A Construction Expert Explains What Asbestos Insulation Is And How You Can Identify It

Renovating older homes has become a popular pastime in recent years, as many people are inspired by television shows that focus on flipping and remodeling outdated houses. Part of the renovation process involves the question of whether or not asbestos will be discovered in the home's insulation. The material was used for decades in residential construction, but it's now understood to be a toxic substance. What exactly is asbestos, and why was it popular in homebuilding for so long? Most importantly, how can you determine whether this type of insulation is in your home? House Digest spoke exclusively with Jon Wiest, owner of Ripped Jeans Construction, to learn more about this problem.

Ripped Jeans Construction specializes in home remodeling work, and the challenge is always present to identify asbestos in any older home the company works on. In speaking with House Digest, Wiest provided some background on the history of the material. "Asbestos is a naturally occurring mineral found in the earth," he explained. "Its fibrous consistency and insulative properties make it a very useful material in many industries, both to reinforce other materials and to make them fire-resistant."

Where to find asbestos

In his exclusive interview with House Digest, Jon Wiest described the challenges of trying to detect asbestos in a home. "Unfortunately, there is no foolproof way to identify asbestos itself. The asbestos fibers are microscopic, and when mixed in with other materials, essentially invisible to the naked eye," he said. Based on his experience, however, Wiest knows where to start looking. "The best way to recognize the possible presence of asbestos is to know what building products it was made into. In homes in the U.S., these are mostly found in old vinyl tiles (especially the black mastic used to adhere the tiles to the floor), old ceiling tiles, and asbestos insulation."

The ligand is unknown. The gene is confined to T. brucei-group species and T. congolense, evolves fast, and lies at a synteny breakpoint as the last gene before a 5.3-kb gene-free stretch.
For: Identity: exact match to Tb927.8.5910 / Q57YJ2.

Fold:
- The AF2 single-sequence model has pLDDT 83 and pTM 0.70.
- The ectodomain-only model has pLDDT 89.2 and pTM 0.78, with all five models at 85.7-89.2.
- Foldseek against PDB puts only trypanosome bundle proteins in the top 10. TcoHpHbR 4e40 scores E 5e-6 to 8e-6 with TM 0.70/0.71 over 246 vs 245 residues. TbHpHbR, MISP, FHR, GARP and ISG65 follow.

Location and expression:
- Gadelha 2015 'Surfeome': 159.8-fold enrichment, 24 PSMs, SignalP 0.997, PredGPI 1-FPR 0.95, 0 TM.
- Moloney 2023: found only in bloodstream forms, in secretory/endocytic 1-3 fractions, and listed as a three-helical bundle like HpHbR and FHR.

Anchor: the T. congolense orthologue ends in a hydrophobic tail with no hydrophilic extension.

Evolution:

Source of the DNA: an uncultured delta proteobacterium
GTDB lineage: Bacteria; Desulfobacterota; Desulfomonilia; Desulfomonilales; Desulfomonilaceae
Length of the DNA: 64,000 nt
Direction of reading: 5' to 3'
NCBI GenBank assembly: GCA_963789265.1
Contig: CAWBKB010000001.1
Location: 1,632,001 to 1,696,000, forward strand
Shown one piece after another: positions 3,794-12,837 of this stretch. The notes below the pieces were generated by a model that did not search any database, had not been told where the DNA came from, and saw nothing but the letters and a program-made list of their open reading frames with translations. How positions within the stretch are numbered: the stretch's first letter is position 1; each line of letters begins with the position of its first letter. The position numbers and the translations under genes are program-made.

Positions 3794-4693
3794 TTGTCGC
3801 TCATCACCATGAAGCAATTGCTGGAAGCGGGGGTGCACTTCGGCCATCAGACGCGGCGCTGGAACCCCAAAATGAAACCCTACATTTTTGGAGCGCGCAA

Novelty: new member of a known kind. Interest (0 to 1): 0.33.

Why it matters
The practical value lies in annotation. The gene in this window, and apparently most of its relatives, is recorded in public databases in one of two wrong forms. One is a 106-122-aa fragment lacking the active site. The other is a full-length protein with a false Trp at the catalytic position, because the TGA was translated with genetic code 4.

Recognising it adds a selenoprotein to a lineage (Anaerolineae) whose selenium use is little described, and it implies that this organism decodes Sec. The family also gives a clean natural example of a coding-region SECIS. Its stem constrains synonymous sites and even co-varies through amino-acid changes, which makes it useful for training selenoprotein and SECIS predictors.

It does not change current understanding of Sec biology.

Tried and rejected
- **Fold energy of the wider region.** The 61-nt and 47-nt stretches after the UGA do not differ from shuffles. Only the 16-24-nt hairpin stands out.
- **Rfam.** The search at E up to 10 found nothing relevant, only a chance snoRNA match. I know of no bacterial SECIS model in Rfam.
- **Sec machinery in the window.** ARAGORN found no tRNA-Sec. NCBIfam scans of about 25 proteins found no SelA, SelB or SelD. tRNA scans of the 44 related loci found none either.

As for where the asbestos insulation might be installed, Wiest said, "The insulation often is either wrapped around old pipes or sometimes in loose vermiculite insulation in the attic." He says it's better to be safe than sorry if you think you've encountered this hazardous substance, noting, "If you're not sure what you might have, you can get all of these materials tested so you know for sure." This kind of test is useful not only because asbestos is hard to identify but also because of the risks involved with handling the material.

Why asbestos is harmful

"The health hazards associated with asbestos are worth taking all these precautions," said Ripped Jean Construction owner Jon Wiest in his exclusive interview with House Digest. "The potential health hazards include mesothelioma and asbestosis — both are lung diseases that can actually manifest themselves many years down the road," he added.

As for when the substance poses the worst threat, Wiest explained that "asbestos is only problematic when it's airborne — if there are tiles or insulation in your home, you don't have to worry;" however, "the time to take precautions is when you want those things removed — any grinding or cutting or breaking runs the risk of releasing those tiny fibers into the air, where they can be breathed."

If you've decided the time has come to remodel your home, you may be uncertain about potential areas of asbestos that could be disrupted and sent airborne during the process. Wiest emphasized to House Digest that it's important to contact a professional to evaluate the situation before you begin any work, but not just any professional: "At this point, you'll want to consult with an expert — asbestos abatement companies are those that have certifications and training to handle these hazardous materials. They are the people to call when you want this taken care of (not just your general contractor)."

By keeping these tips in mind, you can benefit from Mr. Wiest's expertise and be prepared for your next remodeling project.